Developed markets more sensitive to price increases
Consumers in devleoped markets are more likely to abandon spirits categories if prices increase than those in emerging markets.
Lan Ha, insight analyst at data agency Euromonitor International, recently examined price elasticity – that is, how consumption changes in response to price – in major alcoholic drinks categories.
She found that developing or emerging markets do not witness as much change to volume sales following price changes as in the developed regions.
“Price elasticity at a category level shows how strongly consumers react to a price change, and whether they are likely to switch to another category as a result of a price change,” said Ha.
“This is different from brand level price elasticity, which measures inner-category competition between brands, and the effect of price change a particular brand on its sales.”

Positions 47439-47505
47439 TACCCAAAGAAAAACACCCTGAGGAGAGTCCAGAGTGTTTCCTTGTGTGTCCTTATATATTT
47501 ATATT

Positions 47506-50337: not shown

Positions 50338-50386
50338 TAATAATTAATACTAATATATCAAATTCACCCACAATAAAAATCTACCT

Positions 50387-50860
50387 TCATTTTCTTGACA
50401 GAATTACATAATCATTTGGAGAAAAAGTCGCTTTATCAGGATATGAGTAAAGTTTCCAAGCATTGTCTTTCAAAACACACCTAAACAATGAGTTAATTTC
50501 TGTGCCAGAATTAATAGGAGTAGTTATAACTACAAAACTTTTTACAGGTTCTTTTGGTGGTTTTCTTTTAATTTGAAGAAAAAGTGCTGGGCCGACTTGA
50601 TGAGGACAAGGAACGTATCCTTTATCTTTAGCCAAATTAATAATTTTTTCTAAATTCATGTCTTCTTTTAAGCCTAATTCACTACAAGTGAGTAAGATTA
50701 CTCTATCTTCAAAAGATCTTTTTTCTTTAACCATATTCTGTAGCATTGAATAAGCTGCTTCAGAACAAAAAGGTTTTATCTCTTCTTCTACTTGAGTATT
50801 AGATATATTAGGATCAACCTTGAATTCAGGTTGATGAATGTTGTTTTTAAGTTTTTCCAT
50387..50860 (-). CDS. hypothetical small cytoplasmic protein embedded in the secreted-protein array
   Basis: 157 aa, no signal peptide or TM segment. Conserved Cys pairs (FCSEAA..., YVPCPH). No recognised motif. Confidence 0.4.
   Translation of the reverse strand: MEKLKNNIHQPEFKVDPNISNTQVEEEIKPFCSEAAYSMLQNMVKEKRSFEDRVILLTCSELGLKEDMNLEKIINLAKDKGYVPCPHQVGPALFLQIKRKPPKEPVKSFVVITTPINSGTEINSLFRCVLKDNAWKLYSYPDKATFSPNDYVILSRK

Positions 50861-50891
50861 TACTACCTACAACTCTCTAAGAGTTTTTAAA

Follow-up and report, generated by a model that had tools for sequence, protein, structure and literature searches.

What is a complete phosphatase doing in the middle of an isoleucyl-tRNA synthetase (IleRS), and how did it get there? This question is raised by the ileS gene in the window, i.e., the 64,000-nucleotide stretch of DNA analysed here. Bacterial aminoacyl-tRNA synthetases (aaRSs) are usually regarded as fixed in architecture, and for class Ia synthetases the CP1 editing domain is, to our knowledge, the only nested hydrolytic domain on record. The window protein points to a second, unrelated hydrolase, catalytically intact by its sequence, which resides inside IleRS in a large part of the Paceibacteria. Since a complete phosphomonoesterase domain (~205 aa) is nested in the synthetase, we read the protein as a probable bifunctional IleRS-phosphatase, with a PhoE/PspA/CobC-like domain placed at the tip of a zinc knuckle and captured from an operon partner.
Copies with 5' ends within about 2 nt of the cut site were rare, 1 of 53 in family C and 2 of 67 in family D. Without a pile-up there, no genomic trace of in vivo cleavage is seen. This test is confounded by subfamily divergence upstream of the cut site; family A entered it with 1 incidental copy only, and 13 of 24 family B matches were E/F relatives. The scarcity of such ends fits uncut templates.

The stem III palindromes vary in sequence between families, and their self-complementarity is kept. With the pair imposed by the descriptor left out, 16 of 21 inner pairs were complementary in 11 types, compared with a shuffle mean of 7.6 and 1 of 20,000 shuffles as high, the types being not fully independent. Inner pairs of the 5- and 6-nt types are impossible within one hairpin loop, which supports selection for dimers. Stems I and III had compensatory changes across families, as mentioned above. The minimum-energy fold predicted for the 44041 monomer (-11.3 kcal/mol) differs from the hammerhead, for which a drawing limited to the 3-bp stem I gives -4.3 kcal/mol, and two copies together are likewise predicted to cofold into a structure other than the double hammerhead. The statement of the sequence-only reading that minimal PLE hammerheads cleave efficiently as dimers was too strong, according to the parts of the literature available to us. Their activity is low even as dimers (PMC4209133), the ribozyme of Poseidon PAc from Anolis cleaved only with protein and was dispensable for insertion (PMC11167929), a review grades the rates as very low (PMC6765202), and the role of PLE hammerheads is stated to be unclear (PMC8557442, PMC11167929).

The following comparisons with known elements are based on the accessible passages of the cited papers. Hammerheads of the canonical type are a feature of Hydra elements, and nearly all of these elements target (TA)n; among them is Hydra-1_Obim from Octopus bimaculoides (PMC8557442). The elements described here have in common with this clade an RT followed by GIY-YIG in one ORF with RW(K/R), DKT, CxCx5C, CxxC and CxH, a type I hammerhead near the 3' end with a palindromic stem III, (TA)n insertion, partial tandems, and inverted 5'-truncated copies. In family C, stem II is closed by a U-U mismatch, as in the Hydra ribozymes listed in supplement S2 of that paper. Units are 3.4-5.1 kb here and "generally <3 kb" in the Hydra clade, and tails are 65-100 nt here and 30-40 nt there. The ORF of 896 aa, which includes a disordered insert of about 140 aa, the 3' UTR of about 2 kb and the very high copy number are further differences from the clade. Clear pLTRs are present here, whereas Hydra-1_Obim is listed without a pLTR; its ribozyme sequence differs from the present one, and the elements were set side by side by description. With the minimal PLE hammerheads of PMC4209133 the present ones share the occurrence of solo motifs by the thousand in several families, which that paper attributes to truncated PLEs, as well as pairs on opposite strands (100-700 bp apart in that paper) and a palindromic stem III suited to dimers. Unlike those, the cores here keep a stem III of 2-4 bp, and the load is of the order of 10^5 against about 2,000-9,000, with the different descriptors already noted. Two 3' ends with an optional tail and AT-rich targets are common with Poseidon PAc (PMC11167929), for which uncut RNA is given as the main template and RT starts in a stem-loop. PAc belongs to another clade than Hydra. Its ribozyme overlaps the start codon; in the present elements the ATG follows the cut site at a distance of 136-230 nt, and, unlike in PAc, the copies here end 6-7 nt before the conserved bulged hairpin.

Ha’s research shows that in terms of particular categories, blended Scotch whisky in the least elastic, meaning it is the category least sensitive to price change. It is followed by brandy and Cognac, vodka and single malt whisky.
However, liqueurs, RTDs and Tequila and mescal are the most elastic, meaning that consumers are more likely to switch categories if prices are increased. Ha claims this could be because these are categories with a greater number of younger, price-conscious consumers.
“Price elasticity at a category level is driven by several factors, including the availability of substitute categories, the degree of necessity, purchase frequency, and whether the category is habit forming, added Ha.
“The demand for a product is more elastic to price changes if more close substitutes are available, as people can easily switch from one category to another.”
The research also shows that since price elasticity varies between markets, these regions convey different reactions to price changes.
In particular, Ha found a stronger reaction to price change in developing markets than emerging regions, potentially due to a lack of available alternatives in these countries.
To see the full report, go to Euromonitor International.